Captain America: The Winter Soldier (review)


I really like Steve Rogers. He is my favorite Avenger. A simple man with a simple view of life: “I’m always honest,” he finds it hard to live in a world where decisions are based on grey areas, where honesty and integrity are not always viewed as virtues, and where his closest friends sometimes pretend to know something they don’t, or not know something they do…

It’s this tension of opposites that makes life difficult for the Captain. He truly is a “man out of time” as Loki put it in the Avengers movie. He knows exactly who he is, and what he must do, but life makes it very difficult for him at times. The first movie, “The First Avenger”, was set in a time when things were simpler. It was easy to tell the bad guys from the good guys. Steve, the scrawny kid who hated bullies, fought against the enemy, protected his friends and loved ones, and no one questioned his values.

In The Winter Soldier, he is thrust into a world where people no longer say “good morning” to strangers in the elevator, where the good guys finish even farther behind, and where it’s far more difficult to know who your true friends are, let alone find someone to love. In any other movie, this plot device would have felt worn-out, but not for Captain America. In no other situation would his character be better exposed.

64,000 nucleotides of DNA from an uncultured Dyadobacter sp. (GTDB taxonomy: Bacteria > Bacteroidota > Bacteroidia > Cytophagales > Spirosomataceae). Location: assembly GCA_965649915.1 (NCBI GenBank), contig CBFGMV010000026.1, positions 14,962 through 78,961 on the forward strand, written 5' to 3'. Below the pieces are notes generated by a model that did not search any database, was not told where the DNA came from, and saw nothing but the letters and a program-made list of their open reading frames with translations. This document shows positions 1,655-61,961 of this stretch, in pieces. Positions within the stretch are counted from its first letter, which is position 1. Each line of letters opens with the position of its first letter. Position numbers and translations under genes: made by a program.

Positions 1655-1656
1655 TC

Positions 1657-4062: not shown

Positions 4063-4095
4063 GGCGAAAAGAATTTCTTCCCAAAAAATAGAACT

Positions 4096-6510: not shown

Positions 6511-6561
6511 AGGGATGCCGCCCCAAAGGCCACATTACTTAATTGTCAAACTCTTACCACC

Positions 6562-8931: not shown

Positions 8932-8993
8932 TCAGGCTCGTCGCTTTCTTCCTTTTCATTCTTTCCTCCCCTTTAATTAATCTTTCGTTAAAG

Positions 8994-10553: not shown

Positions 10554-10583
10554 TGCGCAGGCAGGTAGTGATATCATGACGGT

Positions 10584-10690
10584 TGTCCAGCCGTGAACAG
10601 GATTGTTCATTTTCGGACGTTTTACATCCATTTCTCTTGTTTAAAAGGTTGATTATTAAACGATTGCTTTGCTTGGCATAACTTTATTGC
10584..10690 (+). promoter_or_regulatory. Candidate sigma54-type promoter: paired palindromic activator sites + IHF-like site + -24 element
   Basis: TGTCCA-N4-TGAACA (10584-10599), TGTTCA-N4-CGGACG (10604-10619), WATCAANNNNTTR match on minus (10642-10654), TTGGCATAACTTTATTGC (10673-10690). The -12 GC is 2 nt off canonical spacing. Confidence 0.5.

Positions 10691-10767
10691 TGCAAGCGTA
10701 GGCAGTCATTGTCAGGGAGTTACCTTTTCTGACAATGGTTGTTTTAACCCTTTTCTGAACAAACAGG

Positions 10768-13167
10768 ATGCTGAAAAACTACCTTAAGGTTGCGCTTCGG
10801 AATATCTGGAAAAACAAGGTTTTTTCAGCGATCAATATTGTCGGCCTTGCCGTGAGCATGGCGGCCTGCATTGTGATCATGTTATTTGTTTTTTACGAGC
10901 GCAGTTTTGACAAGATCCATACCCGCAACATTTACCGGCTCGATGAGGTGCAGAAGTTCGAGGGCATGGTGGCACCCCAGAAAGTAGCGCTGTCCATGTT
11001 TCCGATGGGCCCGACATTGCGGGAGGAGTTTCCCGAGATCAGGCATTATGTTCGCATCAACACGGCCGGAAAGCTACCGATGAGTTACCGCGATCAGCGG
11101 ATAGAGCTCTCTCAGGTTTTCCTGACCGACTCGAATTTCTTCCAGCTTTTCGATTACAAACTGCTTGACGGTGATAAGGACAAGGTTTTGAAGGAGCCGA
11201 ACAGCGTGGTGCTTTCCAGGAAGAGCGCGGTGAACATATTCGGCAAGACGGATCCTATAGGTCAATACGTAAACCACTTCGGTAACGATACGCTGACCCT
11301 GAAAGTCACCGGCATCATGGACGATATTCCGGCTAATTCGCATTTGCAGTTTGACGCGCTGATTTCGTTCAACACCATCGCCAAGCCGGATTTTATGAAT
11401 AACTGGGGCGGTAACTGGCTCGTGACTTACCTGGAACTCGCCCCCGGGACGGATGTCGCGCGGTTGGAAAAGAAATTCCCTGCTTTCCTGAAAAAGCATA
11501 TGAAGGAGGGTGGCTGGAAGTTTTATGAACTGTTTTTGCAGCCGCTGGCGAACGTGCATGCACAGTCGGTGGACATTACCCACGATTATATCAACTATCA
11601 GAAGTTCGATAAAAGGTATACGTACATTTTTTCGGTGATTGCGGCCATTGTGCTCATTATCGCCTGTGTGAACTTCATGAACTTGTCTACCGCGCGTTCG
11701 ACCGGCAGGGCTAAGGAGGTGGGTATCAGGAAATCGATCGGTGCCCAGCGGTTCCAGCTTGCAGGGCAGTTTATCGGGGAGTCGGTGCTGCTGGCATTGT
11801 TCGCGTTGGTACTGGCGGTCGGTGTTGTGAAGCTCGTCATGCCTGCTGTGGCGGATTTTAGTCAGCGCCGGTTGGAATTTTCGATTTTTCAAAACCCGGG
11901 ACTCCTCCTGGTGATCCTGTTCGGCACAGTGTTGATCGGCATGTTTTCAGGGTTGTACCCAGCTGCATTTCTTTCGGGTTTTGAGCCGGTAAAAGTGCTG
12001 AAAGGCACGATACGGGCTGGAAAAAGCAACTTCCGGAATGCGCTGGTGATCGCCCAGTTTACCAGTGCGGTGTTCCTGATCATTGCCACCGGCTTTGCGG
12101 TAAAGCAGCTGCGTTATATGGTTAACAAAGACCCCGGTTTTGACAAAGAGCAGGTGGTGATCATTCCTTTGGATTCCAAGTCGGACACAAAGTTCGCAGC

[This paragraph contains spoilers, so please skip if you haven’t seen the movie.] The appearance of an old friend was not really a surprise to me; he’s too important a character to simply eliminate. I had this feeling from the moment of his tragic “death” in the “The First Avenger”. For the same reason, I think the Red Skull will reappear in one of the future movies, but that’s anybody’s guess. The scene with Peggy was beautiful and satisfying, and made the movie all the richer. I was initially on the fence about Falcon, whom I thought was “Ironman lite”. However, as one of the few true friends of Captain A., and with some witty lines, he reinforces the movie quite nicely.
[End of spoilers]

And so I come to the conclusion. In the same way that The Dark Knight was more than just a superhero movie, The Winter Soldier rises above its genre and is a movie about character, values and conviction. I really wish Cap could find an easier way to live his life. Perhaps he’d be able to laugh more, crack more jokes (like Tony Stark), and take life a little less seriously (like SpongeBob). Perhaps he would get hurt a little less often. But then, it wouldn’t really be him anymore. And I’d like to believe that the world still needs people like Steve Rogers.

Even if you don’t agree with me or Steve, go watch the movie anyway. It was loads of fun. 🙂

PS. If I had to nitpick:
– Did he really have the time to go to the museum just to grab his old uniform, when the world as we know it was about to crash?
– The count-down timer as a means to convey tension at the end is getting really old. Please, think of something better next time.


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